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Psychotic-like experiences in a community sample of adolescents: implications for the continuum model of psychosis and prediction of schizophrenia

journal contribution
posted on 2009-01-01, 00:00 authored by Alison YungAlison Yung, B Nelson, K Baker, J Buckby, Gennady Baksheev, E Cosgrave
Studies conducted in community samples suggest that psychotic-like experiences are common in the general population, leading to suggestions that they are either variations of normal personality or are different expressions of underlying vulnerability to psychotic disorder. Different types of psychotic symptoms may exist, some being normal variants and some having implications for mental health and functioning. The aim of the present study was to determine if different subtypes of psychotic-like experiences could be identified in a community sample of adolescents and to investigate if particular subtypes were more likely to be associated with psychosocial difficulties, that is, distress, depression and poor functioning, than other subtypes. Eight hundred and seventy-five Year 10 students from 34 schools participated in a cross-sectional survey that measured psychotic-like experiences using the Community Assessment of Psychic Experiences; depression using the Centre for Epidemiologic Studies Depression Scale; and psychosocial functioning using the Revised Multidimensional Assessment of Functioning Scale. Factor analysis was conducted to identify any subtypes of psychotic experiences. Four subtypes of psychotic-like experiences were identified: Bizarre Experiences, Perceptual Abnormalities, Persecutory Ideas, and Magical Thinking. Intermittent, infrequent psychotic experiences were common, but frequent experiences were not. Bizarre Experiences, Perceptual Abnormalities and Persecutory Ideas were strongly associated with distress, depression and poor functioning. Magical Thinking was only weakly associated with these variables. Overall these findings may suggest that infrequent psychotic-like experiences are unlikely to be a specific risk factor for onset of a psychotic disorder in community samples. Given that the different subtypes had varying associations with current difficulties it is suggested that not all subtypes confer the same risk for onset of psychotic disorder and poor outcome. Bizarre Experiences, Perceptual Abnormalities and Persecutory Ideas may represent expressions of underlying vulnerability to psychotic disorder, but Magical Thinking may be a normal personality variant.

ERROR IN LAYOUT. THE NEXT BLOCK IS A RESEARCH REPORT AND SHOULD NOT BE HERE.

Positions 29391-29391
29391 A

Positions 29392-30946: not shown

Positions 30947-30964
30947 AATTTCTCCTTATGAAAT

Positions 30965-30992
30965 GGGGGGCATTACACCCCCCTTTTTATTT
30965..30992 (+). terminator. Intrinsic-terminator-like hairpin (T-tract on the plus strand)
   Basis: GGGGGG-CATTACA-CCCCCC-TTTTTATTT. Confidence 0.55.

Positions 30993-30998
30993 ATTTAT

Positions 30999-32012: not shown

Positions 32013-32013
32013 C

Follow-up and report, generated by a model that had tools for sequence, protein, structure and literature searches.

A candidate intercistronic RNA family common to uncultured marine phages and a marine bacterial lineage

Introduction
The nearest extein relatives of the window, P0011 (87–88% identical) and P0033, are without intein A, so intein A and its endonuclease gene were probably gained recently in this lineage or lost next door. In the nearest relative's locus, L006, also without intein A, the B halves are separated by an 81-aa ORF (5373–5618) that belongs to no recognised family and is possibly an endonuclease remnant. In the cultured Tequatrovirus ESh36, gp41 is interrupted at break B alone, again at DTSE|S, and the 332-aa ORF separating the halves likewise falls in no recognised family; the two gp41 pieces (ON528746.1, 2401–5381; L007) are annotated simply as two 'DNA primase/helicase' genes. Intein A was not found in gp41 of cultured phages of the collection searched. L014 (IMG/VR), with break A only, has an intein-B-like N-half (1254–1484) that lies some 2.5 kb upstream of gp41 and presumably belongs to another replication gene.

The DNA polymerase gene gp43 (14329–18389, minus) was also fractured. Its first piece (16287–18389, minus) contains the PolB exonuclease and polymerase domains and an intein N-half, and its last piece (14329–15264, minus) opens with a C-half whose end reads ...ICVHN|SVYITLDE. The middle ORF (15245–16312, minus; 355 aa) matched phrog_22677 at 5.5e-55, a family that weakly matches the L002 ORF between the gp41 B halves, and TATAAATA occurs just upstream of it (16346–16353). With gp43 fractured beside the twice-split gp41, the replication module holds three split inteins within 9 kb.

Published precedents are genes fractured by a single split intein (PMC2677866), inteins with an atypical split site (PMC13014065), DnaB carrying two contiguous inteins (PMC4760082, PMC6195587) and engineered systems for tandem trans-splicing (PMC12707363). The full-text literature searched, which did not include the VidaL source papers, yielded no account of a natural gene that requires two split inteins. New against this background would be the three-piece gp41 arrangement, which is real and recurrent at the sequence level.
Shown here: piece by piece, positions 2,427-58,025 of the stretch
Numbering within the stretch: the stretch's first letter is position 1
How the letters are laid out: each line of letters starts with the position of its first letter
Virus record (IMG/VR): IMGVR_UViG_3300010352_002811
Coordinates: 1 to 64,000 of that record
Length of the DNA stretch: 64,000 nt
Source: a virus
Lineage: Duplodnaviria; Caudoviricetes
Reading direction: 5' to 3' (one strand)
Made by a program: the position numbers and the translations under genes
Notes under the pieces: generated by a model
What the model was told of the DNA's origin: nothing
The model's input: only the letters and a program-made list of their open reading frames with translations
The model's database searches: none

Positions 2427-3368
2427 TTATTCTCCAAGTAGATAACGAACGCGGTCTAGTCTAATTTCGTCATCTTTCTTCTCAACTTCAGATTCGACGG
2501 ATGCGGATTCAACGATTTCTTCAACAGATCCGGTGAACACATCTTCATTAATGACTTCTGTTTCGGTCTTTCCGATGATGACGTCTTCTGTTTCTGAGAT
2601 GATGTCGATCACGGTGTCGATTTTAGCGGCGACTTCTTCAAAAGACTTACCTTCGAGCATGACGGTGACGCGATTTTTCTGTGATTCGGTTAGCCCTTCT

History

Journal

Australian & New Zealand journal of psychiatry

Volume

43

Issue

2

Pagination

118 - 128

Publisher

Sage

Location

London, Eng.

ISSN

1440-1614

Language

eng

Publication classification

C1.1 Refereed article in a scholarly journal

Copyright notice

2009, Sage Publications